Still, the trend rolls looks unstoppable.
Last Saturday, Seoul’s high-profile mayor, Park Won-soon – who published a thesis about animal rights while studying in the UK in 1991 – vowed to pressure all dog butchers in the capital out of business.
And prior to Park’s statement, last November the central government shut down the Taepyeong-dong complex outside Seoul, widely considered the biggest dog slaughterhouse in the country.
In the sprawling Gyeongdong-market district in northeastern Seoul, outdoor market stalls under rainbow-colored umbrellas offer everything from chili peppers to medical herbs. This used to be a hotspot for the dog meat trade, but on a recent stroll through this traditional market, only two dog butcher shops remained.
72-year-old Kim Dae-won, a cheerful man dressed in a black furred leather jacket has been coming here since his early childhood days. He has witnessed the incredible change that Korea – a war-scarred, authoritarian, economic basket case in the 1950s that transitioned to a surging industrial powerhouse and a youthful democracy in the late 1980 – has undergone. Naturally, attitudes have shifted, too.
“In the past the market was full of people selling dogs in cages”, says Kim: “But now eating dogs is mostly seen as a barbaric practice.” The turning point, he remembers, was the Seoul Olympics of 1988. Then, international animal rights activists, including French actress Brigitte Bardot, used media to draw attention to the issue.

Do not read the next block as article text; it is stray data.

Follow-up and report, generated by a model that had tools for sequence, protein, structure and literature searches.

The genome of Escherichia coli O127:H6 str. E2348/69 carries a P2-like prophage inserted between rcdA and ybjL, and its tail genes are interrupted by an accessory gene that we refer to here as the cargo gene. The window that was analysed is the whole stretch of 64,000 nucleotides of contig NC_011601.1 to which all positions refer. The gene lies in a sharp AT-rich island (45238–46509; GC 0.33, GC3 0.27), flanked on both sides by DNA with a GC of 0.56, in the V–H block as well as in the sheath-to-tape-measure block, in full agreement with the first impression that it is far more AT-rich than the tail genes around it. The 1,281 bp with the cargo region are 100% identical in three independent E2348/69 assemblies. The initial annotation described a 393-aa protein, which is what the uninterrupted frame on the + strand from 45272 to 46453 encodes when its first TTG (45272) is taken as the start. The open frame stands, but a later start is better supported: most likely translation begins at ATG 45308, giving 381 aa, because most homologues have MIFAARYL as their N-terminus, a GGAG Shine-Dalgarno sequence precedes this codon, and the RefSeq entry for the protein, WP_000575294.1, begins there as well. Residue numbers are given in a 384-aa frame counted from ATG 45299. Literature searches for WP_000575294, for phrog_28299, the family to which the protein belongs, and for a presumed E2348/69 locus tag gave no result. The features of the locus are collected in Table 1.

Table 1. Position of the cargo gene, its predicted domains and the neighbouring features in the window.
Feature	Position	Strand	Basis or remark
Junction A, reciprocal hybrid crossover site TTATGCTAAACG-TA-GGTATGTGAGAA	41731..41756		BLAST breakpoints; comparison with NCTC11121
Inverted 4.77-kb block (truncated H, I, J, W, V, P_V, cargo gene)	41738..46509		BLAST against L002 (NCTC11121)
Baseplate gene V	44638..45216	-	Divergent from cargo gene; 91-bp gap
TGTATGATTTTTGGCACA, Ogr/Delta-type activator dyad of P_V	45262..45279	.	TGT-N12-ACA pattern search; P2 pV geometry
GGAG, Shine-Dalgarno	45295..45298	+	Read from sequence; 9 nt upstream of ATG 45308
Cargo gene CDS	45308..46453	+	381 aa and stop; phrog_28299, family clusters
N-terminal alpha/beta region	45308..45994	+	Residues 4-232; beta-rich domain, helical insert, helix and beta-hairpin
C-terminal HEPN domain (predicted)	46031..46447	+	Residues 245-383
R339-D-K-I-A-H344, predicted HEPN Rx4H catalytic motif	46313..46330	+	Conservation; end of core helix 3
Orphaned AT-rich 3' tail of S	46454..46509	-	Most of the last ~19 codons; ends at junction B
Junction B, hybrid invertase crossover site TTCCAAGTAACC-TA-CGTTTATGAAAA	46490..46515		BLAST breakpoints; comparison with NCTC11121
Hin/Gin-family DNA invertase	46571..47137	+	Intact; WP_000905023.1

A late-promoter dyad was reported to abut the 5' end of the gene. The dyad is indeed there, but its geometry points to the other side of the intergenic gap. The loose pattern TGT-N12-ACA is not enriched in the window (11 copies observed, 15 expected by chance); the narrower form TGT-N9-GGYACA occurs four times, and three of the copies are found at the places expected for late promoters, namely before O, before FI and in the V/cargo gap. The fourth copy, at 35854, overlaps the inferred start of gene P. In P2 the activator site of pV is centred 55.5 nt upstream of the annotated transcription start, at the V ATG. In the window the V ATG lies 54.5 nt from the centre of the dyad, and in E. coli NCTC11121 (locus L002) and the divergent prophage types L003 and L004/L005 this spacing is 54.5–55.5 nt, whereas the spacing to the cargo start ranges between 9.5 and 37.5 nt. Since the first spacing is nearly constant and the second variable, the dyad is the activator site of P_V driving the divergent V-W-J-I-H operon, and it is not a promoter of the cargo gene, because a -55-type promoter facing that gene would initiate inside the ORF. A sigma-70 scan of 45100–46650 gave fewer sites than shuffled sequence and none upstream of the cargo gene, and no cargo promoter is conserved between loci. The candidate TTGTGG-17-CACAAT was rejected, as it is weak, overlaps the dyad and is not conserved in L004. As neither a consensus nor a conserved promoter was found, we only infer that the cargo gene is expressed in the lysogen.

Thirty years later, western animal rights activists campaigned ahead of the PyeongChang 2018 Winter Olympics for an end of the South Korean dog meat industry. Amid rising public pressure, the host government of Gangwon Province requested 40 dog meat restaurants in the region of the Olympic facilities to stop serving dog meat dishes during the Games.
Rehabilitating farmers, dogs
In Hongseon, Lee has, for months, grappled with the idea of closing his dog meat farm. It no longer provides him a living, and neighbors are complaining about the noise and demanding he move his premises.
To help him transform his business, Lee has reached out to animal rights activist group Humane Society International. They provided financial incentives for dog meat farmers willing to leave the industry. Mr. Lee has signed a contract that is binding for 20 years.
Dressed in green jackets, half a dozen staffers from HSI visited Lee’s farm to close it for good. They broke the cages and placed the dogs in plastic boxes. They are to be driven to Incheon International Airport, where they will board an Air Canada cargo plane, which will carry them to Montreal. From there, they are to be driven to shelters in the greater Chicago area. Most are expected to find new homes within weeks.
Lee’s farm is the 14th in South Korea that the Washington-based animal rights organization is closing down. With a price tag of $100,000 upwards, each of their week-long operations is pricey and logistically complex. In total, they have rescued over 1,300 dogs from South Korea since 2015.
“We have been overjoyed with the achievements of the last months,” said Kelly O’Meara from HSI. “We are seeing changes taking place at a much faster pace than we imagined.”
Lee is not sure yet what he will do with his future: “I could imagine myself working as a security guard for an apartment complex,” he mused. “Or I could take a computer course to improve my chances of finding a job.”
He says he is happy to finally be able to close down his farm. Still, observing the animal activists carrying away the dogs from his farm leaves him with an empty feeling. After all, Lee says, those dogs had been his companions for the last eight years.